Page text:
Writing cover letters

You should send a cover letter when you apply for a job with a CV. Write it as a formal letter and attach it to the email along with your CV. A strong cover letter can help a weaker CV to shine.

Aim to write half a page unless you're asked to do more. Cover everything that’s relevant, but keep the recruiter interested.

Present yourself positively

Disabled people face discrimination in the job market. A short, powerful cover letter is one of the best tools to dispel any concerns that the employer may have. Be honest, do your research and take your time.

Use your cover letter to show your best self and to tell your story. You should include:

  • who you are and what you can do for the company
  • how you can do the job
  • how you fit into the organisation

Describe the journey that you took to get to this point. Tell the recruiter why you're the right person for this job and how you're ready to step into it.

Describe who you are and what you can do for the company

Research the company and role. Make sure you can answer these questions:

  • what does the company do?
  • what does the role involve?
  • what essential skills do they want and which ones do you have?

Being interested in and knowing about the company and role will help you to write a strong cover letter. It will also help if you get an interview.

Tell them how you can do the job

Use specific examples from past relevant employment if you have them. Link these directly to the job you are applying for. If you have less or no experience, use examples of skills from outside of paid work.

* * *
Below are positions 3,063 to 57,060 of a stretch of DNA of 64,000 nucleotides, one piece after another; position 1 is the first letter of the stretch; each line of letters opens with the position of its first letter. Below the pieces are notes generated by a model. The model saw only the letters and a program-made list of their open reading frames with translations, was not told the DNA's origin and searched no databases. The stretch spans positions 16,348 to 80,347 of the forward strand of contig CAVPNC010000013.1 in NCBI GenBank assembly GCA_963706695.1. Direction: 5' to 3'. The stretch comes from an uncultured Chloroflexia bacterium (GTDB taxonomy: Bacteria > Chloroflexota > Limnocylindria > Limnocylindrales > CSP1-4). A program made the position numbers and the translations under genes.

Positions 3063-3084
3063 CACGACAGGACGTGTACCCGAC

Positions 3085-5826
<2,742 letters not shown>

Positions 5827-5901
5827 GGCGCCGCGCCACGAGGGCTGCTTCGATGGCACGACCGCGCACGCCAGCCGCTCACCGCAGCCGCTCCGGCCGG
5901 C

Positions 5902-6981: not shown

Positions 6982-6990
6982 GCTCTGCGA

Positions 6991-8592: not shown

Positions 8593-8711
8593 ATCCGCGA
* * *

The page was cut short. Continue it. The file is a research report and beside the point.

Start by making a list of skills you can choose from. Present your skills positively, but be truthful and try not to exaggerate.

Choose skills that you think are most relevant to the job you’re applying for. When you mention a skill in your cover letter, add some detail and context that will explain why you are a good candidate. For example:

  • can you use Photoshop?
  • what can you do with it?
  • when did you use it?
  • what did you do with it?

It’s fine to use an example from outside of paid work if that’s the best way for you to prove that you have a particular skill.

Here are some examples.

Retail

Retail skills and examples you can use to demonstrate them

SkillExample
Using a till

Using a till volunteering at a charity shop

Customer service

Charity fundraising, selling poppies for Remembrance Day, reception work

Stock rotation and control

Managing a kitchen - your own or someone else's. Recording what food you've got in and using it before best before dates.

 

IT for clerical and administrative work

IT skills and examples you can use to demonstrate them

SkillExample
Word, emails, calendar

School work, life planning, using iCal or Google Calendar on your phone

Using websites and online forums

Any time you've engaged with online services. This could be with the Council, government agencies, school or college work

Excel

Shopping lists, home budgeting

 

Paper-based admin

Paper-based admin skills and examples you can use to demonstrate them

SkillExample
Filing

Organising anything alphabetically, for example by surname.

 

Domestic work 

Skills for domestic work and examples you can use to demonstrate them

SkillExample
Childcare

Babysitting, childminding (not your own children)

CleaningManaging your own household, gardening.

 

Interpersonal skills

Interpersonal skills and examples you can use to demonstrate them

SkillExample
Communication skills